THE ETHICS OF JOURNALISM.
[TO THE EDITOR OP TEE " SPECTATOR."]
SIR,—In illustration of Lord Morley's speech at the dinner given in honour of Sir Edward Cook, and of your very
interesting reflections on the subject in the Spectator of August 3rd, you may care to print the quotation, which I enclose, from the writings of the late Samuel Harvey Reynolds, which has always seemed to me a particularly fine statement of the journalist's ideal and of the self-effacement imposed on him in seeking it. Mr. Reynolds was a Radley and Oxford man who a generation ago combined the heavy duties of a large London parish — East Ham — with long and dis- tinguished service as a leader-writer on the staff of the Times.
It is in.keeping with the ideal that he steadily kept before himself, and expresses so nobly in this passage, that his name is probably altogether unknown to the majority of your readers :-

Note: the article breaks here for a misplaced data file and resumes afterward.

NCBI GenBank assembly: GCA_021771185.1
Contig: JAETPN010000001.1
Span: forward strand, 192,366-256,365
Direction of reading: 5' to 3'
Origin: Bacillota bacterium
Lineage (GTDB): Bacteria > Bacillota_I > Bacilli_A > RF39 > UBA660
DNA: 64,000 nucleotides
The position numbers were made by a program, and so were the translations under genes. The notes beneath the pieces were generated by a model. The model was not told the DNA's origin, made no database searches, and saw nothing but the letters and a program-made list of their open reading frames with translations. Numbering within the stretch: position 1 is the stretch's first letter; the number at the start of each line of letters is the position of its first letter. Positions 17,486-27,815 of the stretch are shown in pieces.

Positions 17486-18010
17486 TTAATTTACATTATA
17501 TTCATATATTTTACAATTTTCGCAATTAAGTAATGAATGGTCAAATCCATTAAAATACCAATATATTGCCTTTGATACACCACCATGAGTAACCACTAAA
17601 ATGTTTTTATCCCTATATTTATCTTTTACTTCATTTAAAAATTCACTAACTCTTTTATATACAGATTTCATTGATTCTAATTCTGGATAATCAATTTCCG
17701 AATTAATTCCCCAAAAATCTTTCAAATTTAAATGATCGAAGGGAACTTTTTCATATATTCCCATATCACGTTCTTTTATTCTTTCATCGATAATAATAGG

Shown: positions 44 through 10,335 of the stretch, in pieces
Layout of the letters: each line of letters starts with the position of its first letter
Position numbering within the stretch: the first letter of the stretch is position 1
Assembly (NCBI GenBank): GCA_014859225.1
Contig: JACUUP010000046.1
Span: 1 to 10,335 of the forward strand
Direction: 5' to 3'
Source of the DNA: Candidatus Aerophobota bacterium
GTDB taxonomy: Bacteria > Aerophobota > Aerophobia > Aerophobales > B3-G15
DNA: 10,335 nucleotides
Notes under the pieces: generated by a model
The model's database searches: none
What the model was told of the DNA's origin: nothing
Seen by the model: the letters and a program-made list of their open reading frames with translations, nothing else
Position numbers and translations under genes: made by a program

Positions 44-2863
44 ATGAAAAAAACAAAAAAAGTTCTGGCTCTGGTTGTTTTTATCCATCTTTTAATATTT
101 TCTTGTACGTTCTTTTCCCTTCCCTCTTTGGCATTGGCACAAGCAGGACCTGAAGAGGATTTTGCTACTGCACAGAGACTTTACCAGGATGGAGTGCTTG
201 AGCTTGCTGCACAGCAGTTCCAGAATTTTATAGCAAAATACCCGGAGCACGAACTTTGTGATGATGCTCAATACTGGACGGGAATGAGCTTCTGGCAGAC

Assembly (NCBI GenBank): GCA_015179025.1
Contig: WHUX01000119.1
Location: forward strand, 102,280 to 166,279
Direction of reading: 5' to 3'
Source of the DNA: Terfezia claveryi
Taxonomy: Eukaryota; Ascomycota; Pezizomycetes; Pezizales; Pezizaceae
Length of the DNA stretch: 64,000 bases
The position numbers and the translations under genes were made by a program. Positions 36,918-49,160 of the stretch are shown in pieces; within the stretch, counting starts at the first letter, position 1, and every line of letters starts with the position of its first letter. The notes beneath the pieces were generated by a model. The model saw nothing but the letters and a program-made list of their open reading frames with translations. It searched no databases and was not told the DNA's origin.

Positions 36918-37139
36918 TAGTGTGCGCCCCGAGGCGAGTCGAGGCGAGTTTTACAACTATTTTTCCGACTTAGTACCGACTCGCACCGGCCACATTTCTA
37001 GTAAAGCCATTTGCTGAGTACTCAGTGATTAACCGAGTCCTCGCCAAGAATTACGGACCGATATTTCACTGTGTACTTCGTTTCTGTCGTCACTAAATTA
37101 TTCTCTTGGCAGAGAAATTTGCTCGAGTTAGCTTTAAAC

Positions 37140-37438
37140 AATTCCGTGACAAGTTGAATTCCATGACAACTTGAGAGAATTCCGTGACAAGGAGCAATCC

"A man must rise above even this form of selfishness if he would devote himself heartily to journalism. He must be content to be counted as nothing, in the future as in the present, to be unknown or set aside, and never to take rank among the real in- fluences of his time. His labours will be rewarded, but not as men ordinarily count reward. He will have a real power—his work will be deep and lasting, but his name will be obscure or evanes- cent. He will affect the tone of the nation for which he writes, and will thus be the indirect cause of its most noble aftergrowth. The pillar will not be of his raising, and will certainly not bear his lfe inscribed upon it, but he will be the foundation of the who he first necessary condition of the state of public sentiment from 'which it has been raised in seeming independence. To those who are dissatisfied with such a position among the unrecognized forces of the world we will say only that they must try some other line, for they have not the temper of journalists."
—I am, Sir, &c., LIONEL JAMES.
The School House, Monmouth.